It’s hard to believe there wasn’t an agreement in place for next season so either we have to believe the unbelievable or assume one or other of the parties have decided that the said agreement doesn’t look quite so tempting after all.


Russell Teibert might be back as the Whitecaps declined his option but are still in discussions with a player who didn’t even make the bench in either of the two final games against Seattle.

Why the club or Teibert would want that relationship to continue is a mystery.

If the squad improves then Teibert necessarily slips even further down the pecking order and the player himself must want more for his career than the occasional run out in games the coach has decided don’t really matter.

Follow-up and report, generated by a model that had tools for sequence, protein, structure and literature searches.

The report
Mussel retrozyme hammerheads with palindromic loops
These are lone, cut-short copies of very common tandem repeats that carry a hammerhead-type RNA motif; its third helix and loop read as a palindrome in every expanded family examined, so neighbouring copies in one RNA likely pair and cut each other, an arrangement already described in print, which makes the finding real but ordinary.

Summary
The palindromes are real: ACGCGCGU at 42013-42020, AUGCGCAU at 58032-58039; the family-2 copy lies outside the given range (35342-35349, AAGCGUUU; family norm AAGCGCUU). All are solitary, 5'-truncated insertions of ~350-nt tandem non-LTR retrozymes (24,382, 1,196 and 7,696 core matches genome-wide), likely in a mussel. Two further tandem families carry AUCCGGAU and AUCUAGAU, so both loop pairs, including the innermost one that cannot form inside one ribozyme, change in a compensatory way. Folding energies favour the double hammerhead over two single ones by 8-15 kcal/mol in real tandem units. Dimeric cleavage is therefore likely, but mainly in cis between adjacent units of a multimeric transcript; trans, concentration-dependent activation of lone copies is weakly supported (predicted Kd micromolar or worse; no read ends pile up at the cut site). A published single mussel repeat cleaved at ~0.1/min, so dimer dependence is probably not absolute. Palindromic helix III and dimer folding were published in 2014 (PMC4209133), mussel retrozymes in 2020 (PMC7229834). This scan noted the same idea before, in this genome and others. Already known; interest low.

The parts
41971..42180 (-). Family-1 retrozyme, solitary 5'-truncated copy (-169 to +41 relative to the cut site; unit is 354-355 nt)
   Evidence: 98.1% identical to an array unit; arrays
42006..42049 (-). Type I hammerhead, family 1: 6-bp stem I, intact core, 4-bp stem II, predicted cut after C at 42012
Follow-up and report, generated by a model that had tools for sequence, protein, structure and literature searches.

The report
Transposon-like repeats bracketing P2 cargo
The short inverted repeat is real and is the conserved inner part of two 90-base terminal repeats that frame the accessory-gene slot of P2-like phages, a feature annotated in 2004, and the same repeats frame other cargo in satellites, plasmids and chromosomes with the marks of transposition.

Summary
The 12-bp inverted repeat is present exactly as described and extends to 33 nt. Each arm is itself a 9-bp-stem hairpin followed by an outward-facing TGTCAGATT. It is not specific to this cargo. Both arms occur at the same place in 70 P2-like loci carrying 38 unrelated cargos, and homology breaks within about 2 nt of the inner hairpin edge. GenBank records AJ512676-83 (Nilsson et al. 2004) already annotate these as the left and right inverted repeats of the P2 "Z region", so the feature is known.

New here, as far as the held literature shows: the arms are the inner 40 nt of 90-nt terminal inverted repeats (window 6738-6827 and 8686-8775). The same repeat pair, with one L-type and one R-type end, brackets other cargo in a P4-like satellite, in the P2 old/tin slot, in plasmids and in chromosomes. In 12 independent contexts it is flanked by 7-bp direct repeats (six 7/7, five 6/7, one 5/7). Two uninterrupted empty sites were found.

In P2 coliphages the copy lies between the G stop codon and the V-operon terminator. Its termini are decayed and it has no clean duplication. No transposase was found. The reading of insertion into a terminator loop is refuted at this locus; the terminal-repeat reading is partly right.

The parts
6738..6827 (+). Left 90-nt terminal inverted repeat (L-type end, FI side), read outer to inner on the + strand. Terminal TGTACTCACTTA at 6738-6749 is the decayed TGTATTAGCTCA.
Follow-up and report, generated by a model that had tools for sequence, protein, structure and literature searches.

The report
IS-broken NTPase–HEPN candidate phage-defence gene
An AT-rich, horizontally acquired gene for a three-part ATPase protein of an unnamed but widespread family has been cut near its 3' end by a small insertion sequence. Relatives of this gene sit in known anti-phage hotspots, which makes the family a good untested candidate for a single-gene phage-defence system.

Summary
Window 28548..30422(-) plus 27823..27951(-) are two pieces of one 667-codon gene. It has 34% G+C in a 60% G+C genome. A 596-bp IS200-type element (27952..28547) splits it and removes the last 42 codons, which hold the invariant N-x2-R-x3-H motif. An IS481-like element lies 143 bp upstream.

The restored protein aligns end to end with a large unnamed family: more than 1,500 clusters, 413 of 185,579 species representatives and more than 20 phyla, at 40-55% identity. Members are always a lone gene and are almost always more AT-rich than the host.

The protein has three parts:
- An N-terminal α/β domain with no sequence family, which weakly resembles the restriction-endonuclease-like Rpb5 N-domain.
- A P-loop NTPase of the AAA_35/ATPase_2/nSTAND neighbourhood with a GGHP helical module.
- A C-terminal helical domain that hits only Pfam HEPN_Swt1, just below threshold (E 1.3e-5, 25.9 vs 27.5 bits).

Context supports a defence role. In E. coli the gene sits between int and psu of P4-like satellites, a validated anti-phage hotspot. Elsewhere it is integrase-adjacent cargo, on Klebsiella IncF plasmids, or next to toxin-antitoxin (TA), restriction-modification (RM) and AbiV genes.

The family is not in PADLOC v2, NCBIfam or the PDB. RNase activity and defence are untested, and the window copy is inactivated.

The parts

And the signing of David Norman Jr to an MLS contract means Teibert can’t even think of himself as the young Canadian hope in the centre of the pitch anymore.

There are some who argue that Teibert is an important part of the club’s public presence in the city but they are wrong.

It’s hard to see Matias Laba returning given his long-term injury and while Christian Bolaños may be tempted to take a lesser deal the chances are that at least one other MLS coach will fancy their chances to get more out of the Costa Rican international than Carl Robinson did.

That would make Brek Shea the current first choice on the left side and (assuming Montero and Laba do leave) the only Designated Player on the team.

That’s probably meaningless in real terms since Shea is very much at the lower level of the DP scale but it screams volumes about the ambition of the club.